Bishop Morneau's Column|
"Reflection on the Readings"
|Bishop Robert Morneau
To fast or not to fast, that is the question
The discipline of fasting leads to an authentic freedom and obedience
February 27, Eighth Sunday of Ordinary Time
By Bishop Robert Morneau
Questions for Reflection:
1) What are your five key convictions of faith?
2) What role does fasting play in your life?
3) Are you a combative person, living on the edge of argumentativeness?
Argumentativeness can be a way of life. People disagreeing on politics, religion, sexual issues, economic policies, health foods, and the list goes on and on. TV and radio talk shows verify the prevalence of our contentiousness.
But this is not just a contemporary phenomenon. Two thousand years ago Jesus was constantly
engaged in arguments and disagreements, as were his followers, Peter and Paul. In today's
Gospel the issue is fasting - to fast or not to fast, that is the question.
Two years ago the former Dean of Westminster Abbey, Michael Mayne, wrote a book Pray,
Love, Remember (London: Darton, Longman and Todd Ltd.). The author holds: "Leaders of all
the world's great faiths read from their scriptures, and all affirm five shared beliefs: respect for
the natural world, the worth of each person, the need to work for justice, peace and
reconciliation, the supremacy of love and our membership in one human family." (41)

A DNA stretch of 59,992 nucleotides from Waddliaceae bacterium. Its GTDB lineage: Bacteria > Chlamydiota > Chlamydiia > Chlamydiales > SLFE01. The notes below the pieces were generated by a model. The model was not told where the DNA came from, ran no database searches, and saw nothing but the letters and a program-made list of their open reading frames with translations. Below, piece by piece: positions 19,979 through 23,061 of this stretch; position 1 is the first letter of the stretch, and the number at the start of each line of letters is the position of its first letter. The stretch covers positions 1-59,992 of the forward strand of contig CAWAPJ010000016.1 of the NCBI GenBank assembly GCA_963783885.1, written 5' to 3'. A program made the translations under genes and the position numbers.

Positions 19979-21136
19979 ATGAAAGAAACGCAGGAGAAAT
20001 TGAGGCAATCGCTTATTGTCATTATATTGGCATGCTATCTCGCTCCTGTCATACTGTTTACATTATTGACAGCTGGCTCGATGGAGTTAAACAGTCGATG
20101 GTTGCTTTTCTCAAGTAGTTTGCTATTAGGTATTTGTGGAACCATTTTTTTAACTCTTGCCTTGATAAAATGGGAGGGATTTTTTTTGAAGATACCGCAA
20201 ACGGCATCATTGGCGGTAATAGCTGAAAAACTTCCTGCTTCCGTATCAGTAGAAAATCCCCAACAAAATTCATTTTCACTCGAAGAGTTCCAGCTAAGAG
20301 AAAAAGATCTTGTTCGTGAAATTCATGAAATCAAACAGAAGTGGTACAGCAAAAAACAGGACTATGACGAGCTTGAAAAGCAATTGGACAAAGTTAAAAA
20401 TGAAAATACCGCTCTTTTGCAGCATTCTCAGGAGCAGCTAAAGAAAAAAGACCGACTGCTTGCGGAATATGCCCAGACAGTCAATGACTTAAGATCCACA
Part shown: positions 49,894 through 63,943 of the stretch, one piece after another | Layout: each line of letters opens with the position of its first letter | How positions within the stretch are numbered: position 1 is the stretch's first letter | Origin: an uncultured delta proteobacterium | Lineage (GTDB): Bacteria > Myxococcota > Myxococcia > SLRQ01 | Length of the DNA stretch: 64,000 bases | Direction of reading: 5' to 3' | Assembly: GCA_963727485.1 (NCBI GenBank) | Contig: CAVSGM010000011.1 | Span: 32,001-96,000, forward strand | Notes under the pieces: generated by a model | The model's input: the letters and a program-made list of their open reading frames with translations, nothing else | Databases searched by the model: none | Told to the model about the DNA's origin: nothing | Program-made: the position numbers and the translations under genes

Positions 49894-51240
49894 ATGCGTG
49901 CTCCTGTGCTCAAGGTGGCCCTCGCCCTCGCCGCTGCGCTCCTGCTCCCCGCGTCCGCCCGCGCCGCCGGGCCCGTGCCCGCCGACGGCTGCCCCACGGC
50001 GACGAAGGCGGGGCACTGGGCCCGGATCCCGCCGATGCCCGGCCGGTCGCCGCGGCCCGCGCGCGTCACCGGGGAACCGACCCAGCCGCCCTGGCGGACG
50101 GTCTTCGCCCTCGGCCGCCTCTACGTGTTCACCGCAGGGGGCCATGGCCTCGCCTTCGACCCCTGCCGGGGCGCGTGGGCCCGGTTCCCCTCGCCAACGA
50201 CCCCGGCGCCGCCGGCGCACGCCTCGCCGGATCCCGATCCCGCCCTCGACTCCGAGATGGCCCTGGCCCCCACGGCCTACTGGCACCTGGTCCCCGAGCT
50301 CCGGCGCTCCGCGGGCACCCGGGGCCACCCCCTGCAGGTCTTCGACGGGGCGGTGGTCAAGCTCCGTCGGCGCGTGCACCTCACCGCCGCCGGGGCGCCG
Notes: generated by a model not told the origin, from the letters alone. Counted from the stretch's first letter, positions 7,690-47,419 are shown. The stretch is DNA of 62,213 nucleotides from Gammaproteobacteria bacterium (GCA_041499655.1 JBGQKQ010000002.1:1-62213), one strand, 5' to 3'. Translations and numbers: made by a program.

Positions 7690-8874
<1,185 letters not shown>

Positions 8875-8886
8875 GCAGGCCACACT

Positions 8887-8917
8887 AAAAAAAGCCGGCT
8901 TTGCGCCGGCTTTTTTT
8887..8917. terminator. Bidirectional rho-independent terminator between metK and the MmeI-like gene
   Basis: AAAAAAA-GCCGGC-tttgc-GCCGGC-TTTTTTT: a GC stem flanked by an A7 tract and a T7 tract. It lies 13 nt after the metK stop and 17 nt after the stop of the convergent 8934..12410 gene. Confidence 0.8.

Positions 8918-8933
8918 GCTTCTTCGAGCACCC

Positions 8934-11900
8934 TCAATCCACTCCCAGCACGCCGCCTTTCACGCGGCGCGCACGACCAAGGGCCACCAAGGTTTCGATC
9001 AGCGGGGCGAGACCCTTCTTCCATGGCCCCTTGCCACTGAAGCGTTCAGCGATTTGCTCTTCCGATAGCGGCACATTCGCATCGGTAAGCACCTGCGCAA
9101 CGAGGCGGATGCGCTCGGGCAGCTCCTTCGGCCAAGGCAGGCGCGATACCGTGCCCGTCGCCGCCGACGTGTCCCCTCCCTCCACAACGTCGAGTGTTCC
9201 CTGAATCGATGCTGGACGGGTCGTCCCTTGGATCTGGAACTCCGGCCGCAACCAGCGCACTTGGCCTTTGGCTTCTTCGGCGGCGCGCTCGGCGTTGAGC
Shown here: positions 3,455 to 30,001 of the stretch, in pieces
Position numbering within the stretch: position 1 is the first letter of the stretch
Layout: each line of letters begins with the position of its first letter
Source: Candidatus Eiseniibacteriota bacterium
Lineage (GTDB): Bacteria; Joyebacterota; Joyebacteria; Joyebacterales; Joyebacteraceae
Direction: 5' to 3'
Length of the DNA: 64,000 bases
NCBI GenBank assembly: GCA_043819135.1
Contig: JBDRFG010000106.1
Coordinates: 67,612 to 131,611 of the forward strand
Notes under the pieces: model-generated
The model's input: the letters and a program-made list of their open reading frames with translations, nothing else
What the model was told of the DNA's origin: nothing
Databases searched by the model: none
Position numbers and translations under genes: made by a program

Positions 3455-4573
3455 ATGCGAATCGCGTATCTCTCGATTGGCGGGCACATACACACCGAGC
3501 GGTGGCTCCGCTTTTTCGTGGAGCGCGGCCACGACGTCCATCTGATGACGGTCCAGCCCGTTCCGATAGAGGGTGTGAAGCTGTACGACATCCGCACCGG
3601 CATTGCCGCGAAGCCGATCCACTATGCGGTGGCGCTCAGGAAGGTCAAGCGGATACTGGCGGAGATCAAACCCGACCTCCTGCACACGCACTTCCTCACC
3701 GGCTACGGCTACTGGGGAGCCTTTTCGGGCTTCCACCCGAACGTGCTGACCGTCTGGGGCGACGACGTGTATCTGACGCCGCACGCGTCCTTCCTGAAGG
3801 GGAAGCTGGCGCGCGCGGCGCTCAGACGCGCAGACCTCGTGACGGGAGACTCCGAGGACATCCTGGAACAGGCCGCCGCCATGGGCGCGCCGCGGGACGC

Since argumentativeness is engrained in the human soul, I can hear a reader or two (surely not
more than three) disagree with the above conviction. Do all faiths hold these five convictions?
And is not Christianity unique in its putting all of its eggs in one basket - or rather, in the person
This brings us back to the Gospel. Fasting has its place in the spiritual life. It is one of the three
major components of our life in God, the other two being prayer and ministry. As prayer relates
us to God and ministry to our brothers and sisters, fasting and asceticism seek to get our own
house in order. This discipline leads to an authentic freedom that makes obedience possible.
However, there are times when fasting is not appropriate. Wedding guests do not bring to the
reception their Lenten practices. When new wine flows from the press, fresh, not old, wineskins
are used for the storing. All this simply implies "knowing the territory," doing the right thing in
Jesus is the new wine. St. Paul, sharing many faith convictions with his Jewish past, could not
put the Lord in old categories. In Christ, all was new. In Christ, the Spirit of the living God
brought us eternal life. As we know from the Acts of the Apostles, many disagreed with Paul and
he paid dearly for that opposition.
What we find in the new wineskin is a vision, the vision of Jesus. Here is how Michael Mayne
describes it: "His is a vision of a world in which people are more concerned with giving than
with having, with sharing than with possession, with serving than with being served; where each
is valued for what he or she is rather than what they have; where the narrow loyalties of class or
race or tradition or party are of less weight than the solidarity of the human race created in God's
likeness; and where in areas of conflict and violence forgiveness, and reconciliation have been
proved to be the most powerful of all weapons." (33)
(Bp. Morneau is the auxiliary bishop of the Green Bay Diocese.)